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Carl Bergstrom in The Washington Post on understanding coronavirus test results

Tuesday, July 21, 2020 - 13:45 to Wednesday, October 21, 2020 - 13:45

Americans are being swabbed by the thousands to learn if they have covid-19, the disease caused by the novel coronavirus. It’s how many are determining their risk of contracting or spreading the virus to someone else.

Experts say testing is a vital component to controlling the outbreak, but one test result still isn’t a green light to visit vulnerable friends or family members. The nature of covid-19, the time it takes for someone to develop symptoms and the varied ways the virus affects people make each test a snapshot in time more than a definitive answer.

“I personally wouldn’t consider a single test a license to go see my parents, who are older and would be at higher risk,” said Carl Bergstrom, a University of Washington biology professor who studies infectious diseases.

The viral swab tests, seen at drive-through clinics across the country, tell people whether they’re infected with the novel coronavirus on that particular day, said Lucy Wilson, an infectious-disease specialist and a professor at the University of Maryland Baltimore County.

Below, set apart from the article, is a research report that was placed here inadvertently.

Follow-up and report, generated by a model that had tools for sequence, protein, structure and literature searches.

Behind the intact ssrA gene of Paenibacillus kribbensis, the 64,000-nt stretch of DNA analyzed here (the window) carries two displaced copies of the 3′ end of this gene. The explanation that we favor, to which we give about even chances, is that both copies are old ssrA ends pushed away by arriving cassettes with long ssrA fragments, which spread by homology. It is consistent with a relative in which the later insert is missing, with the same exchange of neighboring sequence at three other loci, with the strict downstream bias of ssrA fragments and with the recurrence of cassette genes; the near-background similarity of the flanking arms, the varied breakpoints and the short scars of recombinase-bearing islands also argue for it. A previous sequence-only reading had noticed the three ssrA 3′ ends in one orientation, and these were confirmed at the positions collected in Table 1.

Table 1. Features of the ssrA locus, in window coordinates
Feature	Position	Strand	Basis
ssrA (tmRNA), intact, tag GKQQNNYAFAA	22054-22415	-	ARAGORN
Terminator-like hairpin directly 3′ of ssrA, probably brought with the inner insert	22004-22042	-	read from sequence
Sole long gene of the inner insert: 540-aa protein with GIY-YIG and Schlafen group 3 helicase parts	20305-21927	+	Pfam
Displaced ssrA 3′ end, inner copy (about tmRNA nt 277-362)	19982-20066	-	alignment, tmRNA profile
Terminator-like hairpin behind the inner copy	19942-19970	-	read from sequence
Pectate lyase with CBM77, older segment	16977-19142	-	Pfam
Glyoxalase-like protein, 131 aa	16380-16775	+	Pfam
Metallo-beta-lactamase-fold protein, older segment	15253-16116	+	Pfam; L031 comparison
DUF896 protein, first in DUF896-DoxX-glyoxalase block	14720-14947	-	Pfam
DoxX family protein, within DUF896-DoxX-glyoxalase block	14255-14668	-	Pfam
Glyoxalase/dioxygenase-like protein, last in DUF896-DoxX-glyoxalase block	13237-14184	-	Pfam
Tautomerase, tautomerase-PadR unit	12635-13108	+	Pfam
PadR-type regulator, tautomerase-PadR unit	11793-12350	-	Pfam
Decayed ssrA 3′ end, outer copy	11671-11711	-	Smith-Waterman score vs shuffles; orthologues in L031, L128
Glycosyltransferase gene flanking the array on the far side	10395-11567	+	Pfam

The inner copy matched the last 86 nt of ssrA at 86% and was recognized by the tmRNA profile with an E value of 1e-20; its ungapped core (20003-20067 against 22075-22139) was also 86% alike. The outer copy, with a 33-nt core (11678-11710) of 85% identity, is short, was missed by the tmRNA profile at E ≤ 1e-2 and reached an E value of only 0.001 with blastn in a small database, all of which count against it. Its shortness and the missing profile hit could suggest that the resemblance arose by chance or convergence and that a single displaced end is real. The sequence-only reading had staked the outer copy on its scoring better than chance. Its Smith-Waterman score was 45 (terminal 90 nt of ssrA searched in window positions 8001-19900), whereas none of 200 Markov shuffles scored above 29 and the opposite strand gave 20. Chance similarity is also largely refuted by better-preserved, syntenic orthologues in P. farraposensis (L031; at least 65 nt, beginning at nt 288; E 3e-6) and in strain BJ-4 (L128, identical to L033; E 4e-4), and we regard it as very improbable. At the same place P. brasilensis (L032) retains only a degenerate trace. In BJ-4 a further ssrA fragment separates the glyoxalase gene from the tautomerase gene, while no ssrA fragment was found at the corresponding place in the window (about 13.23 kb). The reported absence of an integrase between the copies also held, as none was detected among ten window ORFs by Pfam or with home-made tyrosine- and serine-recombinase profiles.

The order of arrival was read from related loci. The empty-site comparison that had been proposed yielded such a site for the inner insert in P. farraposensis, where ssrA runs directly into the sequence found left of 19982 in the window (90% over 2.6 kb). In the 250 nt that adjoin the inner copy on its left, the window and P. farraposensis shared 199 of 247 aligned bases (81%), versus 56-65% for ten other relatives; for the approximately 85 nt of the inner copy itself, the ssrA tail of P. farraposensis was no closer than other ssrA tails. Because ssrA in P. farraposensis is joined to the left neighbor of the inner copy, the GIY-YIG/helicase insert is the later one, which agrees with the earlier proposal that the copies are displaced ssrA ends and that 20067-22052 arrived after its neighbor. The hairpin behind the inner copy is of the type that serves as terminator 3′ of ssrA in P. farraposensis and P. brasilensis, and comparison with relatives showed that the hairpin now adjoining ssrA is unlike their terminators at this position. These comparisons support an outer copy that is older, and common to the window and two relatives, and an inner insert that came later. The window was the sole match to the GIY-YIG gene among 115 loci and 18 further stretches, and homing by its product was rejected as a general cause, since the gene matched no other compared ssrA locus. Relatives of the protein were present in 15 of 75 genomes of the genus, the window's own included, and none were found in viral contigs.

It takes time for the coronavirus to replicate to a critical mass for a swabbing test to detect it. The time this process takes varies from person to person and ranges from two to 14 days, experts say.

“The problem is this virus is a strange virus,” Bergstrom said. “The timing varies a lot in people.”

Imagine that you become infected today and are tested tomorrow; Bergstrom said “we have every reason to believe you’re going to test negative, even though you’re infected.”

Read the whole article in The Washington Post.

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